Red wolf could lose endangered status because it’s just a hybrid

A red wolf (Canis rufus), Florida

Mark Conlin / Oxford Scientist / Getty

The red wolf, a critically endangered species living in the southeastern United States, may be nothing more than a hybrid between coyotes and gray wolves, a new study suggests.

If so, it could lose its conservation status and protection, as US law does not protect hybrids.

This could result in the loss of an important evolutionary lineage, as the red wolf is the only living repository of gray wolf genes that have come close to being lost in the southeastern states through trapping and agricultural development.

Hard to count

Zoologists have struggled for many years to decide how many species of wolves live in North America. Everyone agrees on the coyote and the gray wolf, which can be found all around the northern hemisphere.

The US government also recognizes two more, the Eastern Wolf, now found in Ontario, and the Red Wolf, which was captive-bred from 12 individuals and reintroduced to the eastern United States. United.

The problem has been difficult to resolve, in part because bounty hunting drove eastern and southern wolf populations to the brink of extinction a century ago, allowing coyotes to invade and to hybridize with the few wolves. As a result, these wolves carry many coyote genes, making it difficult to detect genetic markers from a distinct wolf species.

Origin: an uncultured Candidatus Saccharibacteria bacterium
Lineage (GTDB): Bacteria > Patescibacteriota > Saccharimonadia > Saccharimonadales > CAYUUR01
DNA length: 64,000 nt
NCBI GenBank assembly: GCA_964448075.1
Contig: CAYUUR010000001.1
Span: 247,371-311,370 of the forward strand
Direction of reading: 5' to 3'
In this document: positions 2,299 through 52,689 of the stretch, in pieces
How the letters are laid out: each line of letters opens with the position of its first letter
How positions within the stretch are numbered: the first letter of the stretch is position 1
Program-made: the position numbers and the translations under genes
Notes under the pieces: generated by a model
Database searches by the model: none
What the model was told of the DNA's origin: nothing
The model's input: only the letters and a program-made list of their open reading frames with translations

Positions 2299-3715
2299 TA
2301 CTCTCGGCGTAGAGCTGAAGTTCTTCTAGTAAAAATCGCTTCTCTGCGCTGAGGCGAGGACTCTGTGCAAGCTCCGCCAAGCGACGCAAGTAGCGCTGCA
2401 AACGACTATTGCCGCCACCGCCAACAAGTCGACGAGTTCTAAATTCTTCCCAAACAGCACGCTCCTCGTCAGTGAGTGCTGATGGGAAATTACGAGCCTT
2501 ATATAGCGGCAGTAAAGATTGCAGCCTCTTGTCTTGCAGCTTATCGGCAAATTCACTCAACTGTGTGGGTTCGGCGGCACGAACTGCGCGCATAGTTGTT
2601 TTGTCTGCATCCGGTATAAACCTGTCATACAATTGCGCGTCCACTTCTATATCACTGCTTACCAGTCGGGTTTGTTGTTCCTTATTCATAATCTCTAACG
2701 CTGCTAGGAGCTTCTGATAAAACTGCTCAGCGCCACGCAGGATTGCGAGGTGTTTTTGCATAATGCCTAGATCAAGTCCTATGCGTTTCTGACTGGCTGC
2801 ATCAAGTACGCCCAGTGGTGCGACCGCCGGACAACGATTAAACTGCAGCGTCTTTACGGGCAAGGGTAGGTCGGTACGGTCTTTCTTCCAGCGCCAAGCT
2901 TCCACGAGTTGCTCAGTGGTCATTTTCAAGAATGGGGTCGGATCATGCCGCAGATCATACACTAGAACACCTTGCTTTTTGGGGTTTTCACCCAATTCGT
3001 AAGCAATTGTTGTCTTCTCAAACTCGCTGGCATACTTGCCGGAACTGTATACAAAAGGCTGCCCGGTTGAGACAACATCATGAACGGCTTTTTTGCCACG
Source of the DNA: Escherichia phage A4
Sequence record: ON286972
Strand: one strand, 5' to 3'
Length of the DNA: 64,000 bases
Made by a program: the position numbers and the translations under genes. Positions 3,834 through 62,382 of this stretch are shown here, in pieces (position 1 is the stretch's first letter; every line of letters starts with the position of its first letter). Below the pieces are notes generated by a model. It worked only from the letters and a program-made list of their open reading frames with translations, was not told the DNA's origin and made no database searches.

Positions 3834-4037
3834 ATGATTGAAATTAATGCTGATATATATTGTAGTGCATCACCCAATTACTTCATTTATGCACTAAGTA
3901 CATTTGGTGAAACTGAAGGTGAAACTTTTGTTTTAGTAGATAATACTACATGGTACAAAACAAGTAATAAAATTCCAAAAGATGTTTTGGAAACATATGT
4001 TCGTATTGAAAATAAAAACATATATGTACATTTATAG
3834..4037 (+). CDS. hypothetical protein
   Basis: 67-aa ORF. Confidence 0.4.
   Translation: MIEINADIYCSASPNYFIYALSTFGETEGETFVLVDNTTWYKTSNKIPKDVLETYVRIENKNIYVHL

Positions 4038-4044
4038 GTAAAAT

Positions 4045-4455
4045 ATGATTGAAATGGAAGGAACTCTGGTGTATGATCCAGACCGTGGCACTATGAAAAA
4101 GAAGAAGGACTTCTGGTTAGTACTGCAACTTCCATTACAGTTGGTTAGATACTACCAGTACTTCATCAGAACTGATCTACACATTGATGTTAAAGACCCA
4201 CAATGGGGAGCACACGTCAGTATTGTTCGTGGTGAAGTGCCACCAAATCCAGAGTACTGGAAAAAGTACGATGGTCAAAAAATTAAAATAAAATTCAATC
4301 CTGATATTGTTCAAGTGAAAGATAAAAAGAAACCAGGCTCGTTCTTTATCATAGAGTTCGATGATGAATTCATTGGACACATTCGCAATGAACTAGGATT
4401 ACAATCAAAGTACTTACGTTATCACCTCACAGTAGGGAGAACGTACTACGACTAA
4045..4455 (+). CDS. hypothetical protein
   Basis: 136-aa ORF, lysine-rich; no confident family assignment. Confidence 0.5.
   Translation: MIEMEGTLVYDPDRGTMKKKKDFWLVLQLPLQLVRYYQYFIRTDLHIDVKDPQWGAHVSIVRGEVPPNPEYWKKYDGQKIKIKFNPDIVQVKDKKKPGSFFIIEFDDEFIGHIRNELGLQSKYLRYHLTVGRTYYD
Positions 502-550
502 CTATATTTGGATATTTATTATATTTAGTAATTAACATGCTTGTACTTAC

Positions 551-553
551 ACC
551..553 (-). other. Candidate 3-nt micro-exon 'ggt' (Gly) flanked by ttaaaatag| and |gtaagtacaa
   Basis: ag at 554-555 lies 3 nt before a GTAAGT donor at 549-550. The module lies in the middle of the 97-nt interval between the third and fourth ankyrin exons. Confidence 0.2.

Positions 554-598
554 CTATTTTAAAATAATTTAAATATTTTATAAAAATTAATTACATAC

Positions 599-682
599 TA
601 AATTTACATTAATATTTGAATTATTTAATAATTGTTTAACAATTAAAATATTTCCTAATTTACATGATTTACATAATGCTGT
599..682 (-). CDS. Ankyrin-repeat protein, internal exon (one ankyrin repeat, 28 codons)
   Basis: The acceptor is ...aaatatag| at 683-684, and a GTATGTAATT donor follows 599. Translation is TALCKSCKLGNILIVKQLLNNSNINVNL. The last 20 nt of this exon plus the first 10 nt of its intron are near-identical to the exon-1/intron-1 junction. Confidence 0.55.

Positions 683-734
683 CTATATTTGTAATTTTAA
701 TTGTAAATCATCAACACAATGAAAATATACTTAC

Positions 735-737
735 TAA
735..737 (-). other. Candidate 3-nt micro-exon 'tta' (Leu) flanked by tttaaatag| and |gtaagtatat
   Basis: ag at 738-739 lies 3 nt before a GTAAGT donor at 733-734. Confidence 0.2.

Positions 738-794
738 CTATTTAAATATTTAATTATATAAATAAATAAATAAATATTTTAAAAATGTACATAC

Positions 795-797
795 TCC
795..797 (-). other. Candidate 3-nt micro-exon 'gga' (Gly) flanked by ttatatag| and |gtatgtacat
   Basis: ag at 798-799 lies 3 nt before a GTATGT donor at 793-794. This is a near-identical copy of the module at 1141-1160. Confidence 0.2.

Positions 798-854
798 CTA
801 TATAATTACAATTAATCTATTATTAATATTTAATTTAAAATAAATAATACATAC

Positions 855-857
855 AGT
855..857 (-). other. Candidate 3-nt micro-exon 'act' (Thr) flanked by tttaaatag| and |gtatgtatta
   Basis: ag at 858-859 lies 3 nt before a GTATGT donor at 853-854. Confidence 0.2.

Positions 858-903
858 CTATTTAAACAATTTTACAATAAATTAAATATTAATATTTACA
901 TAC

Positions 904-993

Now Robert wayne, a geneticist at the University of California, Los Angeles, and his colleagues compared the entire genome sequences of 28 individuals from Eurasian and North American wolves and coyotes, including eastern and red wolves.

To mix together

Eastern and Red Wolves have shown no evidence of independent ancestry; their genomes could be explained only by the mixture between coyotes and gray wolves.

Previous, less extensive studies have found genetic and morphological reasons for recognize these wolves as distinct species, and others have shown that they appear to be hybrids. Wayne’s study is unlikely to resolve the issue. However, this is the highest resolution on the problem to date, says Roland kays from the North Carolina Museum of Natural Sciences in Raleigh.

If Wayne’s team is correct, it could cause problems for the Red Wolf. The U.S. Endangered Species Act makes no mention of hybrids, so the red wolf could lose its protective status – and the millions of dollars spent on captive breeding and recovery programs.

That would be unfortunate, Wayne says, because the hybrid red wolf’s small stature may mean it is better suited than a pure gray wolf for life in the Southeastern United States.

“Maybe we can’t put a gray wolf in the American Southeast,” Wayne says. “Maybe the main predator has to be a smaller wolf. “

The red wolf situation shows the endangered species law must catch up with reality, Kays says. “What we’re seeing with today’s high-resolution genetic tools is that hybrids are everywhere,” he says. “To say it’s a hybrid, so it’s not worth protecting it, it just doesn’t work anymore.”

Journal reference: Scientists progress, DO I: 10.1126 / sciadv.1501714

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